So you’ve read through the vast collection of process, project, operations “best practice” literature out there, from the deceptively lucid “Getting Real” via the various incarnations of the Agile/Lean movement – so pregnant with promise, to the more demanding and grown up PMI, IPMA and PRINCE2 frameworks. Good for you! You’ve done your homework. I expected nothing else.
Now then. Any suggested approach, be it Agile, PMI, PRINCE2 or what have you, might just suit some of the projects some of the time, but most certainly not all of the projects all of the time. There’s just no way that you can pick up a Best Practice template and go about your business painting by numbers-style. It’s just not sustainable.
In a not so distant future where teams are evermore cross-functional and cross-disciplined, where they come from different backgrounds and cultures, where open innovation and crowd-sourced and crowd-funded solutions are the norm, you really need to play the game like a pro.
Someone once said that expert chefs can freestyle, but normal people need recipes. Now, if this is true, you had better become an expert pretty fast, because freestyling will most likely become (hell’s bells, it already is) a required skill for any manager. I think I’ll stick my chin out here and say that if it isn’t a required skill in your organization, your organization is quite possibly doing something wrong, or won’t be around long enough to see the not so distant future become a reality.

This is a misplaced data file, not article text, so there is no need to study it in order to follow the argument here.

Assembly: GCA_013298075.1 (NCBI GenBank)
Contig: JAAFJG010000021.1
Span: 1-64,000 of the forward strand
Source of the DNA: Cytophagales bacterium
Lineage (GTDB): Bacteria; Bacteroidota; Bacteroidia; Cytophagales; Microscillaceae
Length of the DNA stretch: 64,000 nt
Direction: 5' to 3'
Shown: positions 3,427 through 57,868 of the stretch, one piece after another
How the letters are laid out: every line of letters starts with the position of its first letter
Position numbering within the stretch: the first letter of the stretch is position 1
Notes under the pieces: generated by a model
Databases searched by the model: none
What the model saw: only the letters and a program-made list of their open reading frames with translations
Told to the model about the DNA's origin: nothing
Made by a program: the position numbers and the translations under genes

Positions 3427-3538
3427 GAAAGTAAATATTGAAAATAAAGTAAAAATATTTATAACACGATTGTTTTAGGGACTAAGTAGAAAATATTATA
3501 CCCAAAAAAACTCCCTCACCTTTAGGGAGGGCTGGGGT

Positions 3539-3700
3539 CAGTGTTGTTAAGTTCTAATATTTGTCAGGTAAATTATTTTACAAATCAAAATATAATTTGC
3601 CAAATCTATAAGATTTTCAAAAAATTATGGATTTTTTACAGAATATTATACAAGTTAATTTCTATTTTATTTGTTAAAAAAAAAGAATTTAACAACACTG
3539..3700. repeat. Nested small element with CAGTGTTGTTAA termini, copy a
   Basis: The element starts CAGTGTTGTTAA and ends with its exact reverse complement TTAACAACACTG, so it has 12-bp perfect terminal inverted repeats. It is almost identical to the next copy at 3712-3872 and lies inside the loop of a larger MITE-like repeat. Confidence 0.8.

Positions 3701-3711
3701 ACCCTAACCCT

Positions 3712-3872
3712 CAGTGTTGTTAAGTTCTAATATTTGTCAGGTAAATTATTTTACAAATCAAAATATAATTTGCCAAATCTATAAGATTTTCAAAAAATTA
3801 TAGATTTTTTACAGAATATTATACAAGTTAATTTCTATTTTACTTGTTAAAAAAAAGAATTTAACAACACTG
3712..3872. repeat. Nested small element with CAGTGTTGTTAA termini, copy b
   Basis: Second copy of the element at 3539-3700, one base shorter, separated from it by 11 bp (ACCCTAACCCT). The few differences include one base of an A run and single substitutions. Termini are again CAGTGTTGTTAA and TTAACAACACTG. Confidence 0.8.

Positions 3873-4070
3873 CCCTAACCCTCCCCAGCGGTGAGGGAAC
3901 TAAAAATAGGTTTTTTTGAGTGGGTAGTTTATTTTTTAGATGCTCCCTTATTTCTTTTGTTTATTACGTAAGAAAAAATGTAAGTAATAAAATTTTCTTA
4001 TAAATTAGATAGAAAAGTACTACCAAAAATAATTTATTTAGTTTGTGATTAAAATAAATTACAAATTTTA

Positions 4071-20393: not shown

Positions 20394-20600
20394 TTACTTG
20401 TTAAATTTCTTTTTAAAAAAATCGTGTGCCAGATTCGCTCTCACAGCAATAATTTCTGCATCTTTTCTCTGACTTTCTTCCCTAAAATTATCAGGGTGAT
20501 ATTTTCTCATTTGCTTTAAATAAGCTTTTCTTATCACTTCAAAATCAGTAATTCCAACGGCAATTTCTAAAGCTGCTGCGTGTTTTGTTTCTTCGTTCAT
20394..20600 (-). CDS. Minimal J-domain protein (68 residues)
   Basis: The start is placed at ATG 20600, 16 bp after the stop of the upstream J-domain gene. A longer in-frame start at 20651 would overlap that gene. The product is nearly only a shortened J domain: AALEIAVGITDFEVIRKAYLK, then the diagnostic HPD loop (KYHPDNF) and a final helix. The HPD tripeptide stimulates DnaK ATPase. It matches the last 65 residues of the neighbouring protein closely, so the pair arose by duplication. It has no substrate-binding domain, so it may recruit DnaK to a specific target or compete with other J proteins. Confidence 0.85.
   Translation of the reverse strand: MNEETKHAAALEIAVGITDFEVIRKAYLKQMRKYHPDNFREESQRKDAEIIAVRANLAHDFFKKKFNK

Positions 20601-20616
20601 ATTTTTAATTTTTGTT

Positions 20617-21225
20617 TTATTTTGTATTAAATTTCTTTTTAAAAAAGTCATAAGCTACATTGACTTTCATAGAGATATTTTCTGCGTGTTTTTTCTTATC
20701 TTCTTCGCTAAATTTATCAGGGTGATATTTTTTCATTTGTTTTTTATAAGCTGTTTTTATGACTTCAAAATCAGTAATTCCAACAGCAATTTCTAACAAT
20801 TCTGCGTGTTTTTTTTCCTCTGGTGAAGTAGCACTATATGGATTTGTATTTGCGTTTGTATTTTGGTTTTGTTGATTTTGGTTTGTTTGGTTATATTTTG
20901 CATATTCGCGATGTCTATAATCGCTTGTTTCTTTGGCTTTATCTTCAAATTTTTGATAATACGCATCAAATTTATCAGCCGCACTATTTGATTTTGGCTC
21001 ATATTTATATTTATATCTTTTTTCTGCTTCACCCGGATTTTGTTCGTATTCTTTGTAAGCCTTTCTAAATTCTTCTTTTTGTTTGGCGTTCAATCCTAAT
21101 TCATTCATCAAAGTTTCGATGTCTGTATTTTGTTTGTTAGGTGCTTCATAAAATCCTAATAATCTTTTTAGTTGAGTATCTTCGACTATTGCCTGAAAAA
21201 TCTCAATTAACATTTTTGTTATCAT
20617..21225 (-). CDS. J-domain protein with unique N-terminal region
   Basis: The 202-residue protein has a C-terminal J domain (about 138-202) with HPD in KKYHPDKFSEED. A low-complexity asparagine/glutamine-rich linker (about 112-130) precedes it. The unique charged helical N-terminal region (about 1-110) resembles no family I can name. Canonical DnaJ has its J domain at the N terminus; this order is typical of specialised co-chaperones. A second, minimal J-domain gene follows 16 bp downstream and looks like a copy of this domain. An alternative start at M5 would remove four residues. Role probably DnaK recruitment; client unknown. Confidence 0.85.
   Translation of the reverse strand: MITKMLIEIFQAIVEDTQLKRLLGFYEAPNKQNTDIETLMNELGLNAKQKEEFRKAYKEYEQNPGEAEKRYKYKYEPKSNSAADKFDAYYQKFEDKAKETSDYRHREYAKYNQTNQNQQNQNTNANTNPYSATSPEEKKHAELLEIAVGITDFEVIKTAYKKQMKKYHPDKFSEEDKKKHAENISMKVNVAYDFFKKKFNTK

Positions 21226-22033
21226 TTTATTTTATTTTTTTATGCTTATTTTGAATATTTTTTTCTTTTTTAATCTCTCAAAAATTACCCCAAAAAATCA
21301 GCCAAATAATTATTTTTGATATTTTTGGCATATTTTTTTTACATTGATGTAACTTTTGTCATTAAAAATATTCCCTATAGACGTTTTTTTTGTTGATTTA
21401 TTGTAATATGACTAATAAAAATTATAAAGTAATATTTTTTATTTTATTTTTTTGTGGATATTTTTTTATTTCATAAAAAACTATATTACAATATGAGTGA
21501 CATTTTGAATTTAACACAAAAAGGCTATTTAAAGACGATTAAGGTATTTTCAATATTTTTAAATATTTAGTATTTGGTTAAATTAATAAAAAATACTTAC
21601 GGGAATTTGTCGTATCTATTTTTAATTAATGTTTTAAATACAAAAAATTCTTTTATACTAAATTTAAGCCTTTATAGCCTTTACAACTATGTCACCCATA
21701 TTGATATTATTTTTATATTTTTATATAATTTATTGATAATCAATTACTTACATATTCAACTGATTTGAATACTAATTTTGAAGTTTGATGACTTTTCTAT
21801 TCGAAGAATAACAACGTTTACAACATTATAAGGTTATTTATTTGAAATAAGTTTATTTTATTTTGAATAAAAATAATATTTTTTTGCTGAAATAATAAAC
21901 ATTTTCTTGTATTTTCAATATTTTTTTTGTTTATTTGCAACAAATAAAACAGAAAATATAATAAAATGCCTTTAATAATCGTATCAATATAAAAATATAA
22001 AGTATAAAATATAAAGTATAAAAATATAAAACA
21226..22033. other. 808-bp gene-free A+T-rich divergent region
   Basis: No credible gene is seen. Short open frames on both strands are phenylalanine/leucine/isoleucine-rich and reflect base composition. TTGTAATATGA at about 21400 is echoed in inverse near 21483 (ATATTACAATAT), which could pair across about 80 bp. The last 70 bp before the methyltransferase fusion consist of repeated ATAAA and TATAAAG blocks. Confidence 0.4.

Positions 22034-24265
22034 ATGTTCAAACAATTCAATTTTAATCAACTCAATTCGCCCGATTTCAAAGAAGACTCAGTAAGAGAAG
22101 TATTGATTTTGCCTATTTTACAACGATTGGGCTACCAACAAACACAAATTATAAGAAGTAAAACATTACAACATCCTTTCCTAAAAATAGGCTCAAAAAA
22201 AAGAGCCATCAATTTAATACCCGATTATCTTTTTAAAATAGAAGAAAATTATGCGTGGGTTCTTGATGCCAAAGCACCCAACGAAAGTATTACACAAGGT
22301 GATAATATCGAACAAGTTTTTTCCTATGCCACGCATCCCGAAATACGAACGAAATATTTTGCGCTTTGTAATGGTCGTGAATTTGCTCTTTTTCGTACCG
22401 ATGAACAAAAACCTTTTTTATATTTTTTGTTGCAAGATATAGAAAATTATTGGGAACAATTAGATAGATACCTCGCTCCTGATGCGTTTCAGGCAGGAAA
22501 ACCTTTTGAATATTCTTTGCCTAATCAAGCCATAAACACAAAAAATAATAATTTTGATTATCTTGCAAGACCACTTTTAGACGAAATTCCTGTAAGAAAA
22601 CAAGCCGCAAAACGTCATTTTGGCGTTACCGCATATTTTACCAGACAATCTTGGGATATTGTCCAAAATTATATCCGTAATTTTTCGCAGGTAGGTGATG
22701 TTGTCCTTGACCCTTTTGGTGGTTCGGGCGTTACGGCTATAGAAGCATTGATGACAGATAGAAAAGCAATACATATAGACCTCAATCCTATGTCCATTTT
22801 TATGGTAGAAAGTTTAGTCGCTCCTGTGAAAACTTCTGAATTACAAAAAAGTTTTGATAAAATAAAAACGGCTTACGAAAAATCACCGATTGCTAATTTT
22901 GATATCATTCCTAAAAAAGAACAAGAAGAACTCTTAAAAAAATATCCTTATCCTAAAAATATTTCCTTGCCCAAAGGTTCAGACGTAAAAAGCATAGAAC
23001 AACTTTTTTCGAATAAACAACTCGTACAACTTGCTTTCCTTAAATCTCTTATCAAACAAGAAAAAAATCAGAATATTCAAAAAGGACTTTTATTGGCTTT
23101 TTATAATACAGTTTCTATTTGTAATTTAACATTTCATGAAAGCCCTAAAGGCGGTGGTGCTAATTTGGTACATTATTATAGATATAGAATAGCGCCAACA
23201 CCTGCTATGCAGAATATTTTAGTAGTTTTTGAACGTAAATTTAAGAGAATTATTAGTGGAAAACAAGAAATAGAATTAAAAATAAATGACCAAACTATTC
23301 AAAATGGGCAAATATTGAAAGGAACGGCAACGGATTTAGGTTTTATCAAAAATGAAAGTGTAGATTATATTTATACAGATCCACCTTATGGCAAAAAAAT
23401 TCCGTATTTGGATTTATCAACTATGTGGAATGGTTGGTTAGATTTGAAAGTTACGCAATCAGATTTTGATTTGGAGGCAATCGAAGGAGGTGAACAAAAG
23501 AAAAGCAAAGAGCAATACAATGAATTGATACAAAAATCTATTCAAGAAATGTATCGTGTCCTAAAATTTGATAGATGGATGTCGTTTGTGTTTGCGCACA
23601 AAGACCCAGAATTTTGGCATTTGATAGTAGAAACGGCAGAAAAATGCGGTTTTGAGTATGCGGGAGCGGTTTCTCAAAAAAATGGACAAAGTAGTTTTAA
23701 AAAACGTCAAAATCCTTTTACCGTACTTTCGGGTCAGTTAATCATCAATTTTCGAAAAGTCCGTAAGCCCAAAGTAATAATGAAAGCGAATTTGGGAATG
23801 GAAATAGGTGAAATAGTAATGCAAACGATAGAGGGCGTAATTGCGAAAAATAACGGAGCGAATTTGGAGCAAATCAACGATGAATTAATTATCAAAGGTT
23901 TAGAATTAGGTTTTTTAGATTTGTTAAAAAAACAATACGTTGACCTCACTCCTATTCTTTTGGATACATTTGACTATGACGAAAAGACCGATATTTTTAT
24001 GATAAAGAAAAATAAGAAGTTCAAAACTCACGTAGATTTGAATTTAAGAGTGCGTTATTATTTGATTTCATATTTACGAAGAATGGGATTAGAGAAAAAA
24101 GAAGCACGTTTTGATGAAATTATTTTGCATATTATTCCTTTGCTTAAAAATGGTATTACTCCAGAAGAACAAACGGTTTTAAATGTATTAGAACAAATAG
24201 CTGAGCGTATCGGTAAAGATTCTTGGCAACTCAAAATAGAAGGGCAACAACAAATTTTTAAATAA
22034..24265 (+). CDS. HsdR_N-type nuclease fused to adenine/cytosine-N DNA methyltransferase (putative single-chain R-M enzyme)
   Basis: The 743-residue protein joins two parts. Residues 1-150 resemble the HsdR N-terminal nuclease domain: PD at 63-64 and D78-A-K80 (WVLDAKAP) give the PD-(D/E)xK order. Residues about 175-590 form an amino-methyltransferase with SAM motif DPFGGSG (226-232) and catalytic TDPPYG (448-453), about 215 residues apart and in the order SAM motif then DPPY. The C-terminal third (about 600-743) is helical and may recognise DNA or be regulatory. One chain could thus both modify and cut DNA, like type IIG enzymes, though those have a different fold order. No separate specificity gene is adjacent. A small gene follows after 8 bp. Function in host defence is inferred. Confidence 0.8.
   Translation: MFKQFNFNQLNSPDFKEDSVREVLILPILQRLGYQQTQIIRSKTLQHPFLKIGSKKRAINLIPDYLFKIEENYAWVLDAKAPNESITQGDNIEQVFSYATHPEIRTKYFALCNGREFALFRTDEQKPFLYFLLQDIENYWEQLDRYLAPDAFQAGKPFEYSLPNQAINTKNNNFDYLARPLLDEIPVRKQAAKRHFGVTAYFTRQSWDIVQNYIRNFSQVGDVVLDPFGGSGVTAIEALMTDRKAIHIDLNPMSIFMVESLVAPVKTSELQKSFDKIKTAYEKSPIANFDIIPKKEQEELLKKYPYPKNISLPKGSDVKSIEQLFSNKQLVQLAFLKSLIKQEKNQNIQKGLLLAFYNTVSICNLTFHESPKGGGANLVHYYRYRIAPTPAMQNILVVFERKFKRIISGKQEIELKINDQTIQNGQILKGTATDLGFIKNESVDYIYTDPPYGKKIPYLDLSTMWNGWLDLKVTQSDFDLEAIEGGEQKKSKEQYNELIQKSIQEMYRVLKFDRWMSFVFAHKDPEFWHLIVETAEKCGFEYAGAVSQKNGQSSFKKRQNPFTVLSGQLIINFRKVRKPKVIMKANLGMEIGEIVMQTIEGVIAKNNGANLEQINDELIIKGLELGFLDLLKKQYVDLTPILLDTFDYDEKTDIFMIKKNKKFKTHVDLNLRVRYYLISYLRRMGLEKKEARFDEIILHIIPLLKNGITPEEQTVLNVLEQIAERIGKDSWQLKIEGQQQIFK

All those collections of Best Practice represent an extremely valuable source of information on how things can be done. I think you need to approach these tomes the same way the New Age people approach the tomes of the traditional religions. They go shopping in a huge warehouse of religious ideas, buying that which works for them, discarding the rest. If this is a good MO in quest for salvation is not for me to say, but if you’re on a quest towards becoming a good manager, I believe this is a path for you.